The heartache of caring for 'vegetative state' patients
As the Royal College of Physicians begins a review of the diagnosis and care of people in a vegetative state, the BBC asks whether the current system is failing patients and their families.
As a young, proud, super-fit marine, it is a life he never would have wanted.
Now in his 50s, all that is left of his adventurous past are the photographs on the wall.
Iain Wilson is in a vegetative state and relies on his mother Gabrielle for everything.
A former nurse, the diminutive 83-year-old wakes at 7.30am every day to begin a care regime which would challenge someone half her age.
She has not had a holiday for more than 21 years.
"I leave him in the bath about 20 minutes, take him out all dripping wet and helpless, put him onto the bed and dry him, and then I cut his nails," she says.
"I have to do his feeds and then, last thing at night, see he's alright, move him about and put cushions all around him to stop him getting bedsores.
"Then I have a last look at him at quarter to one in the morning, and if he's sleeping, I'm fine then and I go to sleep myself.
"If he's got a chest infection or anything wrong, I've got a baby alarm and I can hear him."
Iain is thought to be the longest surviving vegetative state patient in the UK, an unenviable record.
The former Royal Marine, who also served in the Foreign Legion, suffered severe brain injuries after being knocked over by a car in 1989.
The damage left him blind, incontinent and unable to move or communicate. He is fed through a tube in his chest.
Mrs Wilson would not want anyone else to care for her son, but after suffering a heart attack and conscious of her advancing years, her biggest worry is what will happen to her son when she dies.
"I think about it all the time. I just have to turn my mind off because it affects me so much," she says.
"He will not be looked after properly. I don't like to say it, but it's true.
"He'll lie there and suffer, unable to moan or groan or call for help and they won't notice.
"Picture yourself in that situation. It's awful."
This is just one of a number of heartbreaking dilemmas faced by the families of those left in a vegetative state.
It is difficult to find precise figures for the numbers affected, but experts believe there could be as many as 5,000 people in the UK enduring what has been described as a "living death".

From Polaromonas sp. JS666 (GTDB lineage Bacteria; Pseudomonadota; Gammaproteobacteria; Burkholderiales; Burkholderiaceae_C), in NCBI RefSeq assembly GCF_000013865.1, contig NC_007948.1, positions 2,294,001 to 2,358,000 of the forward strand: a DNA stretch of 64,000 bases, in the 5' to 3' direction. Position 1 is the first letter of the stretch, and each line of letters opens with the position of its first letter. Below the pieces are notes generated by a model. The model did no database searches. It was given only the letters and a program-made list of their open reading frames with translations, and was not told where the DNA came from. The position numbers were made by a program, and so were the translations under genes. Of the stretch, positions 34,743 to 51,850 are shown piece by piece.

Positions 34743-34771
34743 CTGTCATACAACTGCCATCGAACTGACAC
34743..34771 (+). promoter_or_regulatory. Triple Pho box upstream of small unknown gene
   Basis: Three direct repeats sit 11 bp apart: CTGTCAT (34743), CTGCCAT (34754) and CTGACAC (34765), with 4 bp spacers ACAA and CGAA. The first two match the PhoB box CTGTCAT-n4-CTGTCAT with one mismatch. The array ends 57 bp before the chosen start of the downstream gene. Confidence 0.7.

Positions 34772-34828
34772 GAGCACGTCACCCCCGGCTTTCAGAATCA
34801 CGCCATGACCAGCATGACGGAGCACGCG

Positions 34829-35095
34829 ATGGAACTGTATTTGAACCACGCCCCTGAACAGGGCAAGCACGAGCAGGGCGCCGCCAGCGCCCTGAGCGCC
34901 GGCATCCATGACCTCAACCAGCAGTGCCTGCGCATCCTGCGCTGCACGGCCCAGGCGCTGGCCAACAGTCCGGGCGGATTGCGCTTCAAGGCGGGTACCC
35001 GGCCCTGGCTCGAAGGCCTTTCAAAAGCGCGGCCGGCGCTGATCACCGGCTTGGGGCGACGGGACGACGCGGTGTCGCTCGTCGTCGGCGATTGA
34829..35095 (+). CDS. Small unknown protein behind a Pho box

And because of advances in medical science meaning that more people survive what would previously have been fatal injuries, the figures are set to continue to grow.
Expert clinicians have highlighted a number of concerns about the care of vegetative state patients and their families.
They believe some are being misdiagnosed as a result of inconsistencies in assessment across the country.
There is also evidence families are not routinely being told of all the options open to them.
Since 1992, following the landmark case of Hillsborough victim Tony Bland, it has been possible for an application to be made to the Court of Protection for permission to end a vegetative state patient's life by withdrawing food and hydration.
This is done under sedation to ensure the patient feels no pain or distress.
There have been a total of 43 applications since 1992, all of which have been granted.
Professor Derick Wade, consultant in neurological rehabilitation, believes it is crucial to inform families of this and all of the options open to them at every stage.
But he has told the BBC of cases where families have been kept in the dark for years because of the religious, cultural or moral beliefs of the clinicians involved.
"For some clinicians [the withdrawal of nutrition to allow a patient to die] is not morally acceptable. So they do not discuss the issue with the family."
This happened to 53-year-old Helen Watson from Leicestershire, whose sixteen-year-old son Christopher was severely injured in a road accident on his way back to boarding school in 2006.
The family only learned they could apply to the courts years afterwards when an expert was brought in to assess Christopher's accident compensation claim.
Professor Lynn Turner-Stokes is chair of the Royal College of Physicians working party which has been set up to review the issues around the diagnosis and care of vegetative patients.
She is concerned that even when families have made an informed decision to withdraw treatment and allow their loved-one to die, the court process involved can be beset with lengthy, yet easily avoidable, delays.
"I think it's very traumatic for the families, it's quite a long, drawn-out process.
"At the current time there is not a great deal of clarity about what the process should be, for example there isn't a clear protocol for what should have been done prior to approaching the court," she said.
"Personally I'd like to see some clarity about what the pathway is. I think it could help streamline things."
'Love and devotion'
For Tudor David, 65, the delays involved in an application to the court to allow his wife Diane to die after a road accident left her in a vegetative state proved too much.
Initially told the court process would take six months, the family was still no closer to a decision from the court 18 months later.
Mr David's family believe he felt his wife had suffered enough. In December 2008 he took her out of hospital, parked their car in the garage of their home and left the engine running.
The devoted couple died together from carbon monoxide poisoning as a result of what a coroner referred to as an act "solely motivated by devotion and love".
The Royal College of Physicians' review began in May 2011, and is expected to last at least 18 months.
Professor Turner-Stokes hopes the team's work will ultimately help improve the process which the David family and others believe has let them down.